Google is at it again, recently making an update that alters the description area of some natural results rankings pages. The change will only affect certain types of pages – and it’s a relatively small adjustment – but it should encourage webmasters to pay closer attention to their HTML coding structures, tagging semantic and strategy around utilizing advanced markup.
Pages affected will be those that render listed items or structured content links within the page (i.e. a retailer with an online catalog). The Meta description tag remains an important element for SEO, but the latest update could supplant or ignore this tag in the SERPs, depending on the page’s code or structured format.
As shown in the above example, any page with a laundry list of links and/or paginated items can be affected by the update. We’ve noticed more and more affected listings over the past few weeks, and Google has confirmed that the changes are not a test and will continue to roll out globally within results.
Retailers in particular are a common recipient of the new display, given that they often host category and product level pages that render multiple item lists. The new snippet shows an approximate count of total items for a landing page (ranking URL), and lists three page items with aligned details.
In the example below, the first description line offers an estimated number of items a user will encounter on the page after clicking through. The Meta description tag is pulled to offer a brief creative message, and often appears in truncated form.
While the first line (“Looking for work…”) appears to come from the Meta description, it could have also been pulled from within the body of the page, which includes this same text. Each of the three bullets offers a combination of text as found within the HTML on the page, structured around a specific product item.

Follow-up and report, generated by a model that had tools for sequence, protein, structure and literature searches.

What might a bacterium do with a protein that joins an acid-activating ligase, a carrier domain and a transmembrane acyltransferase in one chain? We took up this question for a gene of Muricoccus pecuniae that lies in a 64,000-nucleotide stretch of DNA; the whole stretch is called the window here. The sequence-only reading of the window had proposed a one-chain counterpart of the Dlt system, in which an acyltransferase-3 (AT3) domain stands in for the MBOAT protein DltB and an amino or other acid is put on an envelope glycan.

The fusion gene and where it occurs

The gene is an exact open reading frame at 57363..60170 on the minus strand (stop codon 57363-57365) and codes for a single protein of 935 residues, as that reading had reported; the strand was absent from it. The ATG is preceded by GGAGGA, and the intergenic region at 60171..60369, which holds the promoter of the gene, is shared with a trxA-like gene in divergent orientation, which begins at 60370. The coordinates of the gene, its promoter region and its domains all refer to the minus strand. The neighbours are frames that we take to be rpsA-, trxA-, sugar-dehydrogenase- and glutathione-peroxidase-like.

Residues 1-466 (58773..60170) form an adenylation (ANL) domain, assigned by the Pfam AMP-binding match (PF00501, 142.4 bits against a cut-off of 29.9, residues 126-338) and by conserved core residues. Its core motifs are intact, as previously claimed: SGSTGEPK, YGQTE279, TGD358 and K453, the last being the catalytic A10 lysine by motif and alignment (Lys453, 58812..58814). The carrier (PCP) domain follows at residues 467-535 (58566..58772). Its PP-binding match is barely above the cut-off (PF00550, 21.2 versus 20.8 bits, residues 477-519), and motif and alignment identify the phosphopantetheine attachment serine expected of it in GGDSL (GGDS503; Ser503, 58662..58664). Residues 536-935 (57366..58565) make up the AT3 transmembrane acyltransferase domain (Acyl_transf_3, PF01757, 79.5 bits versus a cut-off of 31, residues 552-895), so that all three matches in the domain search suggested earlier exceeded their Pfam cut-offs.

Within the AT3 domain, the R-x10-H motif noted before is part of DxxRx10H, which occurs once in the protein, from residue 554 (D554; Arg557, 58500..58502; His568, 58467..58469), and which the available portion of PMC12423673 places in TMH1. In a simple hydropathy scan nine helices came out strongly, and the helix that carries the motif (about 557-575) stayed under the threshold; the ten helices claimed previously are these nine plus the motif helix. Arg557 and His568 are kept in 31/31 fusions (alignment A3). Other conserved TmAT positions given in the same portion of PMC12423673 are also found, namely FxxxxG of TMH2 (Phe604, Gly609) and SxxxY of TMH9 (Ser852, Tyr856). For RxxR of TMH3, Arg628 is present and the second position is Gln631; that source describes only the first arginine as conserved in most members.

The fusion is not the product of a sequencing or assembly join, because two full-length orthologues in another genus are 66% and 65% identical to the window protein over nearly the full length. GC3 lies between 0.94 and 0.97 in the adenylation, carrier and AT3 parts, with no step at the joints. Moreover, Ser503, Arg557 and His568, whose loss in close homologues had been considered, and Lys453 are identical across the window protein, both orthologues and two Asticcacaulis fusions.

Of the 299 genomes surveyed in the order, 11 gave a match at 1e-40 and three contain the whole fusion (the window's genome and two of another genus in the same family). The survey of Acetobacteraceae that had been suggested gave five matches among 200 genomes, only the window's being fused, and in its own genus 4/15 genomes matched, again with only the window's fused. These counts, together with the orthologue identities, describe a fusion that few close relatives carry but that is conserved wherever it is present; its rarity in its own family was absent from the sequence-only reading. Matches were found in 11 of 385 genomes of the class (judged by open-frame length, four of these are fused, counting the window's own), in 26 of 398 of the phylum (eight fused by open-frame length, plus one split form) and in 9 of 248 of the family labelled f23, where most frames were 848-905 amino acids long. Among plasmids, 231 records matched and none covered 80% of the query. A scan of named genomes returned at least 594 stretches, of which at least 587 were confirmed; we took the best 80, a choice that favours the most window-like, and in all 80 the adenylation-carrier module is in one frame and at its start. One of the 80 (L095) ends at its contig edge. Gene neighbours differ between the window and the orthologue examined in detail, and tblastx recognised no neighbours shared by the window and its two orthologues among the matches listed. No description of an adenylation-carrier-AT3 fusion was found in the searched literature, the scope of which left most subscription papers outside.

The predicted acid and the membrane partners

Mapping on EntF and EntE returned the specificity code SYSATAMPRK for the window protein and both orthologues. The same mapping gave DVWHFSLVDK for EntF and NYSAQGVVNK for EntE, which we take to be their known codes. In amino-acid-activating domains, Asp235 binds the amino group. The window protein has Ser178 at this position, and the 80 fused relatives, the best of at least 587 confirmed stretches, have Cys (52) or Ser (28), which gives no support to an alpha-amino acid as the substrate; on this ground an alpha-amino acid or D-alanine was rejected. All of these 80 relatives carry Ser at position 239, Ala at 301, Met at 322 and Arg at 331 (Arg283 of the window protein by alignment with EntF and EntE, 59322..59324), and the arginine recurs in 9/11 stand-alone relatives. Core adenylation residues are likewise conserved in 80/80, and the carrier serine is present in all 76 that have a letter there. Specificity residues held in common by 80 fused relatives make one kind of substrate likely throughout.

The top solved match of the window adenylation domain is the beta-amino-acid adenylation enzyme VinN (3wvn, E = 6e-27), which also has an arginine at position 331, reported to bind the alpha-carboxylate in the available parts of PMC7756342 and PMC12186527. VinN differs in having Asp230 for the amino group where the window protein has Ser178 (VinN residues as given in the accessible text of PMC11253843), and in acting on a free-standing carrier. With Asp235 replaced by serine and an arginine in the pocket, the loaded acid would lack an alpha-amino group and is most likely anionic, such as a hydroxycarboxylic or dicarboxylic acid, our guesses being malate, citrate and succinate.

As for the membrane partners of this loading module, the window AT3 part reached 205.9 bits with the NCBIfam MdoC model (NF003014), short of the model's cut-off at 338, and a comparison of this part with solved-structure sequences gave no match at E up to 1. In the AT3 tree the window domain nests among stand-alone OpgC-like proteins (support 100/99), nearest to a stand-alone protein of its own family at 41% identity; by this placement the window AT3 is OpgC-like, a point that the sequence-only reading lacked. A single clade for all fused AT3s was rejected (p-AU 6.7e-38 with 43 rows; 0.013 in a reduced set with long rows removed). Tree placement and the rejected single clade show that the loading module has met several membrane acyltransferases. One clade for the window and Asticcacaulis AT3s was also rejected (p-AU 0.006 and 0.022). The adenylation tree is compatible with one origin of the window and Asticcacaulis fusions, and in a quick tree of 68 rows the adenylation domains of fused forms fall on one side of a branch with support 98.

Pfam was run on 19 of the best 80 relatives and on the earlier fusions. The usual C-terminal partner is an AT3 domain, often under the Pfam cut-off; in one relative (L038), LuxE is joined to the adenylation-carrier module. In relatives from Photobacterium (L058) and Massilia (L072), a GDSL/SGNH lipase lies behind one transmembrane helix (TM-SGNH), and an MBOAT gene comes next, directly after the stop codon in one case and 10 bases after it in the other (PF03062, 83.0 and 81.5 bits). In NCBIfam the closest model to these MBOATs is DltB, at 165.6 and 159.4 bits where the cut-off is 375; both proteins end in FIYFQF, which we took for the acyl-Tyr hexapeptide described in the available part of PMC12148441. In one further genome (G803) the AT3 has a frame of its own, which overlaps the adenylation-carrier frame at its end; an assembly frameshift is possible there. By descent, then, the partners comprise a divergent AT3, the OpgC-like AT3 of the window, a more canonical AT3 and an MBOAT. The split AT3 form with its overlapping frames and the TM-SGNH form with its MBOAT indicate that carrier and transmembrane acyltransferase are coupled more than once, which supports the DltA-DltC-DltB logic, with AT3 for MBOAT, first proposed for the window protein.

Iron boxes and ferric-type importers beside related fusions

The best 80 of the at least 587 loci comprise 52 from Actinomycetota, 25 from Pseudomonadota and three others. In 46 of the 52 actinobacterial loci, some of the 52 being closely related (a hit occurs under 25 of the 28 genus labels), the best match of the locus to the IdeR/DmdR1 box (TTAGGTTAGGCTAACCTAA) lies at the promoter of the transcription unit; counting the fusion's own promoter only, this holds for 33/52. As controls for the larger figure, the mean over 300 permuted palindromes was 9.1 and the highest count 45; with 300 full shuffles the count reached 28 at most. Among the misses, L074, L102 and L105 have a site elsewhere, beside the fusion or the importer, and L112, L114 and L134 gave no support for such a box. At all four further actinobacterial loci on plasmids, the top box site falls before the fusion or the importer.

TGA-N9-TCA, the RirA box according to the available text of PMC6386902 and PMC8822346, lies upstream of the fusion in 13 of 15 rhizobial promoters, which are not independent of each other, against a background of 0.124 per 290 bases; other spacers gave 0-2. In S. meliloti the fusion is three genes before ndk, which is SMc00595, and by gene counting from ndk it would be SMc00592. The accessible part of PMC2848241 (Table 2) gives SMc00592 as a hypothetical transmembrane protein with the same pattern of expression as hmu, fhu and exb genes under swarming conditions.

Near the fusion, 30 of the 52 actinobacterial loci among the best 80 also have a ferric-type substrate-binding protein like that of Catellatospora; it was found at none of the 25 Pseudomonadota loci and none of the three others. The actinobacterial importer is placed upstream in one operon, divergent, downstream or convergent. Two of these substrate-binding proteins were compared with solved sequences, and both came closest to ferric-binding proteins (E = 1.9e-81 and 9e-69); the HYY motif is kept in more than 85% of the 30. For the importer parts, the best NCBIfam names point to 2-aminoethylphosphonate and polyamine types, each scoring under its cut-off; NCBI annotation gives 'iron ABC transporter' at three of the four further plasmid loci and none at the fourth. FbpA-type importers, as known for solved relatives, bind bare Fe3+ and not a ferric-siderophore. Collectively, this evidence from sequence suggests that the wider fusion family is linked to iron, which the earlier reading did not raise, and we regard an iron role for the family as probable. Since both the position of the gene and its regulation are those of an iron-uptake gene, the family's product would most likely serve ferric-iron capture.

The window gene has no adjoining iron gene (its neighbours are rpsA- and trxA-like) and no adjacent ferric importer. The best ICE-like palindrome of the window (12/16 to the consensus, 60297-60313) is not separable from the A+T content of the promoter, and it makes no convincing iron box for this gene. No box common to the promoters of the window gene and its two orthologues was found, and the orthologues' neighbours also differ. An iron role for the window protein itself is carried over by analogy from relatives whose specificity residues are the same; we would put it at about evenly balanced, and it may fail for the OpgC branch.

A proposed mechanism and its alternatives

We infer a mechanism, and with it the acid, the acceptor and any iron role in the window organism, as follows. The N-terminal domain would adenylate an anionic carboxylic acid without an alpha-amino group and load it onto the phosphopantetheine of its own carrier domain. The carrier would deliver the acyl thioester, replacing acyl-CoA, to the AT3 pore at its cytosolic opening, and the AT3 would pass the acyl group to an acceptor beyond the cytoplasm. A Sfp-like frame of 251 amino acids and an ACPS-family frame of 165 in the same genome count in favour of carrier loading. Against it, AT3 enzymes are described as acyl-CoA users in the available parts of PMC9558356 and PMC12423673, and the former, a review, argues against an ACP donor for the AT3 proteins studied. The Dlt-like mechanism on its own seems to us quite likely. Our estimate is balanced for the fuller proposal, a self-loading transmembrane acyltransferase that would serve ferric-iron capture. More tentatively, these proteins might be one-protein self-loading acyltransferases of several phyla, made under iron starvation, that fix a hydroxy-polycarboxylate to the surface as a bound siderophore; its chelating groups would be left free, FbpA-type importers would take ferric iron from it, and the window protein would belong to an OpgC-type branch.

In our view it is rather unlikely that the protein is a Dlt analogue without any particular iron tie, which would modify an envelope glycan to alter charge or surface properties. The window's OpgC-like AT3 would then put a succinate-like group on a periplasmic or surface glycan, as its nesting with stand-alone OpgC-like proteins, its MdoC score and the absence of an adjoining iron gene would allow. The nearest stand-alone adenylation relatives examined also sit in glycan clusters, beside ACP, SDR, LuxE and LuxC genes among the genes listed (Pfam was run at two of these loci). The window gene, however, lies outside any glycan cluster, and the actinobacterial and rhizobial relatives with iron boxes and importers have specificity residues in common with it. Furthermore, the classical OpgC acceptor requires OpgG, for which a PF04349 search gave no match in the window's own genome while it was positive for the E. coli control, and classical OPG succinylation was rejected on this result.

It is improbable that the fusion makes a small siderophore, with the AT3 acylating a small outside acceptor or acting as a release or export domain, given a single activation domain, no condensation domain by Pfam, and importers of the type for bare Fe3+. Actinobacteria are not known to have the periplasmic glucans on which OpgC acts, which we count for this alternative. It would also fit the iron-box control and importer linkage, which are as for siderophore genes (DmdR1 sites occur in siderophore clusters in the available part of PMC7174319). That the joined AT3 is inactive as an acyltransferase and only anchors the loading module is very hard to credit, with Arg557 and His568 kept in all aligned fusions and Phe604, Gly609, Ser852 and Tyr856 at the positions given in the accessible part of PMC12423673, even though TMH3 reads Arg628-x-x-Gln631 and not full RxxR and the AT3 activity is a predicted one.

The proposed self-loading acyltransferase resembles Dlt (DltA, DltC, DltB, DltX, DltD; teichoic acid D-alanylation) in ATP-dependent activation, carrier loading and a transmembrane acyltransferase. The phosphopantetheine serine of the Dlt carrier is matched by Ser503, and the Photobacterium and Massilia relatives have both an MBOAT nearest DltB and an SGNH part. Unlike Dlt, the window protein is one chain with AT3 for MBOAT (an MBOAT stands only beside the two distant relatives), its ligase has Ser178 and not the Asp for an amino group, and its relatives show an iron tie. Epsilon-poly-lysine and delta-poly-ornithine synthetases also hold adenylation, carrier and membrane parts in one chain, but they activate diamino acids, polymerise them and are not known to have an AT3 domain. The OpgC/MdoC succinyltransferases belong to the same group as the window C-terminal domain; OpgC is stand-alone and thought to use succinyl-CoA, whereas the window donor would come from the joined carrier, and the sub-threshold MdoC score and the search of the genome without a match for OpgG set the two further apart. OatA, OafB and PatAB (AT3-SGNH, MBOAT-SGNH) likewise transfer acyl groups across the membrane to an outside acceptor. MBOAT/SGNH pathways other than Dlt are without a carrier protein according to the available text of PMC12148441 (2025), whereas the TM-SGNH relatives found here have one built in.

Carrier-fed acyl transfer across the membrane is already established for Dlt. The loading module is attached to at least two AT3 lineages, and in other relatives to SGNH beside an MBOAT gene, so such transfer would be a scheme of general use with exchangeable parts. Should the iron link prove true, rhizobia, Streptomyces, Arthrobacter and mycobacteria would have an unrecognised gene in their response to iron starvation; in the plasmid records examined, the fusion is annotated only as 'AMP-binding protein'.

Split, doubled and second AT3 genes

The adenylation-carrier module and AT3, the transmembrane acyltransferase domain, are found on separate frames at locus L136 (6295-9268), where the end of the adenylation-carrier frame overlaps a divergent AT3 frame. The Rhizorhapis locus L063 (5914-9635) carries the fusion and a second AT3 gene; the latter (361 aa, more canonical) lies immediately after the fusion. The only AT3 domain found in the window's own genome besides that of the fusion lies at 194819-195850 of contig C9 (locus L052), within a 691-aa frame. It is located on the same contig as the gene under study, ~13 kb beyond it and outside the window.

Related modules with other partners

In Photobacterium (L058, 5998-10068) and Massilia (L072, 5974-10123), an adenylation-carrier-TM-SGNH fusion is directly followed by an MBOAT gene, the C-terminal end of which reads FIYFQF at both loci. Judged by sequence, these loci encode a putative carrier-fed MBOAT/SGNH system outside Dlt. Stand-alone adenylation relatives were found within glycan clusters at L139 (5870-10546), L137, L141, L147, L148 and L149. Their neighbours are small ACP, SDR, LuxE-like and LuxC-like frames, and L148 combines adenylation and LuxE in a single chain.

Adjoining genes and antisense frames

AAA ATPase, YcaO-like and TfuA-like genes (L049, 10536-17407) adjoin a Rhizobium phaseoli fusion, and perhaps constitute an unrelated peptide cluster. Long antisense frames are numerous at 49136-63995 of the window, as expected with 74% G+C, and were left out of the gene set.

Google pulls item content through HTML structures it deems valid, aiming to offer searchers with a quick snippet to sample what will be viewable within the ranking page. In this example, you can see Google might have made some better choices to describe each item per the three sample bullets above.
Google’s algorithm collects the text attributes (highlighted above) used to describe items within the result. As mentioned, these are unlikely the same items and corresponding attributes the company (in this case, Filson) would have chosen themselves. Google is aware of this challenge, giving webmasters the opportunity to consider structured data adoption and next generation HTML (HMTL5).
The recent announcement of Schema.org is relatively fresh, yet it indicates that Google has aligned with large-scale coding initiatives to improve their own innovations and provide their technologies and algorithms with more clarity.
Sites that host pages with many lists, comments or organized links should pay close attention to this rollout and how it affects their percentage of rankings and potential click-through rates from natural results. It remains uncertain if adopting Schema.org standards will offer greater control of the new snippets, or determine which attributes are ultimately selected for display. It is also uncertain if Google plans to provide additional controls that allow brands to suppress these types of snippets.
While using micro-formats or advanced markup via Schema.org may ultimately be beneficial, this approach is not a sufficient substitute for other data feed efforts. For example, retailers should still consider product data feeds submissions, XML sitemaps, local feeds and other pertinent feeds to aid their search visibility.
For further reading, see our Report on the Schema.org Data Markup Initiative.